[odds ratio (OR) for heavy (10þ cigarettes/day) versus light
smoking (1–9 cigarettes/day) ¼ 1.28 (95% CI 1.12–1.47);
P ¼ 0.0004] and during the first trimester [OR ¼ 1.30 (95%
CI 1.13–1.50); P ¼ 0.0003], but not the third trimester
[OR ¼ 1.12 (95% CI 0.96–1.32); P ¼ 0.15] (Table 3 and Sup-
plementary Material, Table S3). Using all 7845 subjects with
data on pre-pregnancy smoking status, we found no difference
in the frequency of the risk allele between smokers and non-
smokers [OR for being a smoker¼1.02 (95% CI 0.95–1.10);
P ¼ 0.57].
Association between maternal rs1051730 genotype
and offspring birth weight
We hypothesized that each copy of the rs1051730 risk allele
carried by the mother would be associated with reduced off-
spring birth weight in women who smoked during the first
and/or third trimester of pregnancy. In this group (n ¼ 1829),
we observed a trend in the expected direction [per-risk allele
change in birth weight ¼ 228 g (95% CI 259 to 2 g);
P ¼ 0.07]. We additionally used a triangulation approach and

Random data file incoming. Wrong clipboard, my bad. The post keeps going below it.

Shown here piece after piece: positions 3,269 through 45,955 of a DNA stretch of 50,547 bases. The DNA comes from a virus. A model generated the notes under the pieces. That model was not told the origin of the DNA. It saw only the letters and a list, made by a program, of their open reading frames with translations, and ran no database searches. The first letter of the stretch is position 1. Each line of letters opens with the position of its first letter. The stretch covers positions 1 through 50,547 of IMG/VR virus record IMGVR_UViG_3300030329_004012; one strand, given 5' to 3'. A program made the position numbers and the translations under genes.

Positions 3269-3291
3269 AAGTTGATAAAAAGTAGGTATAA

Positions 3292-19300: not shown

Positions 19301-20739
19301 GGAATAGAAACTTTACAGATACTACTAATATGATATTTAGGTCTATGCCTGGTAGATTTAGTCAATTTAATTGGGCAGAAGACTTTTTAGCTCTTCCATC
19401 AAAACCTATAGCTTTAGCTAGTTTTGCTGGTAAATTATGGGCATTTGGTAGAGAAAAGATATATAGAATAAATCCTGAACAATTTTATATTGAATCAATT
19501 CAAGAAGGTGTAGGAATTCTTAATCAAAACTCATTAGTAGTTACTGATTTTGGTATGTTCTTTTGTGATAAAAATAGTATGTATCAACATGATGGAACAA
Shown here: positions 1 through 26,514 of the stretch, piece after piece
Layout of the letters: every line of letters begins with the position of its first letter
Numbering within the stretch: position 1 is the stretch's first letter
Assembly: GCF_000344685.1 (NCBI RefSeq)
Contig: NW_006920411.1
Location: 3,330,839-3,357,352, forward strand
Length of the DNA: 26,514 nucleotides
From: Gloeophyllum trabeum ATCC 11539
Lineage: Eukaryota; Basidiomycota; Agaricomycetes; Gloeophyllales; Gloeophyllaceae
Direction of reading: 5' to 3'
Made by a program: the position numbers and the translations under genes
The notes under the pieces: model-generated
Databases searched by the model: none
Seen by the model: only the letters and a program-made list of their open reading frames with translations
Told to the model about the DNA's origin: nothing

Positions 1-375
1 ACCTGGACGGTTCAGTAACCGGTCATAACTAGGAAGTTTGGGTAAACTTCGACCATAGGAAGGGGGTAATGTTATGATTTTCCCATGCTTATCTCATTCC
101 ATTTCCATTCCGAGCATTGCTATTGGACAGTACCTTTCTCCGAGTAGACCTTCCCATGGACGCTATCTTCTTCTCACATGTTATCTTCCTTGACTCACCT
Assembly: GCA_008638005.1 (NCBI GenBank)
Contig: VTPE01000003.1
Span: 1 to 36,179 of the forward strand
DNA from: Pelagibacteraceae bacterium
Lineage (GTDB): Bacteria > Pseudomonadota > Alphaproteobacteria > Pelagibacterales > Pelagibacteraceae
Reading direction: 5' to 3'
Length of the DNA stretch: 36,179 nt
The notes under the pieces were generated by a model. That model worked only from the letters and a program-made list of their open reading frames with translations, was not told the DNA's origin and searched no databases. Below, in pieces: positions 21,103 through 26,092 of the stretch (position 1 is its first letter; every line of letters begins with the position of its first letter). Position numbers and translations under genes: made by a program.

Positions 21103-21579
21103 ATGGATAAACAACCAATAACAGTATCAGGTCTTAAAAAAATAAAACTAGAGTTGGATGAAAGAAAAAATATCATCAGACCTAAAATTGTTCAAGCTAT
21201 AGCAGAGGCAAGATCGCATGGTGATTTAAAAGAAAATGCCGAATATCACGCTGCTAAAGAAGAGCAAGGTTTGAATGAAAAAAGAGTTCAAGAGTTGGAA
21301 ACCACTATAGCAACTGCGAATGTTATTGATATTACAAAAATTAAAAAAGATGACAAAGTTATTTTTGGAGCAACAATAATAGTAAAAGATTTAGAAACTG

first trimester data to estimate the expected effect size of the
association between maternal genotype and offspring birth
weight, assuming that it is mediated through the polymorph-
ism’s association with smoking quantity. The 95% CIs of our
Table 1. Basic characteristics of study subjects
Total number of pregnant
Median age in years (IQR)
Median pre-pregnancy BMI
Percentage of women who
had ever smoked regularly
Percentage of women who
smoked regularly just
Percentage of women who
smoked regularly during
the first trimester of
Percentage of women who
smoked regularly during
the third trimester of
IQR, inter-quartile range.
aIncludes women of white ethnicity with rs1051730 genotype and data